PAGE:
These problems will prevent electric vehicles from replacing petroleum vehicles for all but specialty purposes. The infrastructure needed for electric vehicles will never exist when limited to specialty purposes. This would be true even with the perfect battery which takes up no space and holds infinite charge.
Electricity is a very inefficient method of handling energy. Propagandists have been lying about it.
A Problem with Fake Numbers
Bureaucrats determine auto efficiency through numbers which they derive in strange ways. They have themselves convinced that electric vehicles (EVs) are five times more efficient that petroleum based vehicles (PVs). The real efficiency is similar, as explained above, when electrical loses are ignored, and about 5 or 10 times less efficient for EVs, when total infrastructure losses are considered.
To shoehorn their false assumptions into place, bureaucrats try to get PV efficiency down and EV efficiency up to show a ratio of 1/5. They put PVs somewhere around 15% efficiency, when they are 25-30% efficient, and EVs around 60% efficient, when they are around 25% efficient. Even that combination is a 1/4 ratio; but with a lot of vagaries and slop numbers, the difference is supposedly 5 to 1.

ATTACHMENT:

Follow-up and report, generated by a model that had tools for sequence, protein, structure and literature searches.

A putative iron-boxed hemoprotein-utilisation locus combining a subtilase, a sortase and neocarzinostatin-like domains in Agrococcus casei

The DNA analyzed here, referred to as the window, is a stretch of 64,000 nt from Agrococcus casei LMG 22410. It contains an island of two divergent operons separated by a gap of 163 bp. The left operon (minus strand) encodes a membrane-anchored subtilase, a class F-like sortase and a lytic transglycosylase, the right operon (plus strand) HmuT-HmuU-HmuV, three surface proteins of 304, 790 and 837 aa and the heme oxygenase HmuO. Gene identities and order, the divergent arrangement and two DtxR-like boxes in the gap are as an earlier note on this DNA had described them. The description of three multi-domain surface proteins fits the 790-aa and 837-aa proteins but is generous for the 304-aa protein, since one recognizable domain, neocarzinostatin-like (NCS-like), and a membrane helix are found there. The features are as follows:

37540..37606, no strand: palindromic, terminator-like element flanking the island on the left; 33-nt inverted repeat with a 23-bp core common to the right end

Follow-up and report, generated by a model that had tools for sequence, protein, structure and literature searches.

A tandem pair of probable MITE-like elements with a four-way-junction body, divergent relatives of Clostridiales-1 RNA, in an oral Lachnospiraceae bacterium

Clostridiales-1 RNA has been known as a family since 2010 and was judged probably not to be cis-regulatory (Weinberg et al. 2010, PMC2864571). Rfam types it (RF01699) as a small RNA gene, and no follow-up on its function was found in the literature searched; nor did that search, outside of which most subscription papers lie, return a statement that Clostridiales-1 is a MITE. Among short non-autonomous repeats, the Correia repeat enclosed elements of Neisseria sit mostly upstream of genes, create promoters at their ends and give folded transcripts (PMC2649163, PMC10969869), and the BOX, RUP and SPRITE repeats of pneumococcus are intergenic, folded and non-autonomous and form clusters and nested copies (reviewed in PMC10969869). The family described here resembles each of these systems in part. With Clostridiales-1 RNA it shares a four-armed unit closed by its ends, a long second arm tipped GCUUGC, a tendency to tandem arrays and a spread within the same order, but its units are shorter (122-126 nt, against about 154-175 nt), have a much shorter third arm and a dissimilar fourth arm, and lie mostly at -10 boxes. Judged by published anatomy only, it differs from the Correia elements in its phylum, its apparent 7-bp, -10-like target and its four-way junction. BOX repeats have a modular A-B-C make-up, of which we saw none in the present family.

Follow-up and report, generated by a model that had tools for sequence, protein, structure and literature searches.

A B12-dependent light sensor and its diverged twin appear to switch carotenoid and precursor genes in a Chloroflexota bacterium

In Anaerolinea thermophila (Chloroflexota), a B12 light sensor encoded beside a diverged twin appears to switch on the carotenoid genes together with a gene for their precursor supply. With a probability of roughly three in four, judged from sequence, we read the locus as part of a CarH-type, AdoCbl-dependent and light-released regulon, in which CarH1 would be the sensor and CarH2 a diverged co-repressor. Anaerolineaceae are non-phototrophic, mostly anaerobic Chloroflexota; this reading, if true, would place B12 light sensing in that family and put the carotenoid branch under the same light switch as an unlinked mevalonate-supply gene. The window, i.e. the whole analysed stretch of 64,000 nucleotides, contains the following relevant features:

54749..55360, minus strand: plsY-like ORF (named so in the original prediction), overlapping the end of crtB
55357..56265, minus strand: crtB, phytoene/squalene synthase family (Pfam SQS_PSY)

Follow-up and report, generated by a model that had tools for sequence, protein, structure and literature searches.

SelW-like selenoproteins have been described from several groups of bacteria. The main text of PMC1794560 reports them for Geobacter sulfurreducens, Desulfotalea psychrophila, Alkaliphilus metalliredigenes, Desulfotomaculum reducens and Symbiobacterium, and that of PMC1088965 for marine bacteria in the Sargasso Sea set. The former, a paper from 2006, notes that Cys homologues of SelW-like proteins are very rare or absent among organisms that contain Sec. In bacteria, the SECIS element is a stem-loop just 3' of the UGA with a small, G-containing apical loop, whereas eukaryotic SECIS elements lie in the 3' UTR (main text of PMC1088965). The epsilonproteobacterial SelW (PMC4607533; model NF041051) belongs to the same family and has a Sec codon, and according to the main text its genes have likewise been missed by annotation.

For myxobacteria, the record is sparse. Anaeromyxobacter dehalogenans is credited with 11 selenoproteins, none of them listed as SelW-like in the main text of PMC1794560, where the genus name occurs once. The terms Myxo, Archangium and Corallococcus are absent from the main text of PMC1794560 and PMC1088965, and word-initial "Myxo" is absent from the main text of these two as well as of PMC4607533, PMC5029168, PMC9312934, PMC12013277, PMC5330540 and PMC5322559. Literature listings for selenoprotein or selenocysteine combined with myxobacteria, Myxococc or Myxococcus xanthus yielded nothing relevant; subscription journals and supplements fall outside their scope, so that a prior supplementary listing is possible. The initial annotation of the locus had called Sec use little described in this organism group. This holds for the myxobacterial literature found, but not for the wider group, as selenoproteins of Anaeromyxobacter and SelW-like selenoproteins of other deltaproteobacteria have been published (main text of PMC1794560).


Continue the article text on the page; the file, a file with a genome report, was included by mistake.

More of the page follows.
What makes bureaucrats assume EVs are 5 times more efficient than PVs? It's not entirely clear, but they do have an energy conversion problem. They calculate kilowatt hours per mile for EVs and compare it to miles per gallon for PVs. They seem to think there is a lot more energy in kilowatt hours than there actually is, or less energy in BTUs of petroleum than there actually is, or maybe both.
Part of their problem seems to be that electricity is cheap to deliver compared to petroleum, while not-so-bright persons assume cheapness is the same as efficiency. Electricity is only cheap with previous infrastructure designed for toasters, not autos, and with coal or gas as the source. When crude was $120 per barrel, idiots could have gotten a lot of false impressions on the efficiency of electrical energy. Now the numbers are changing, but the rationality is not improving.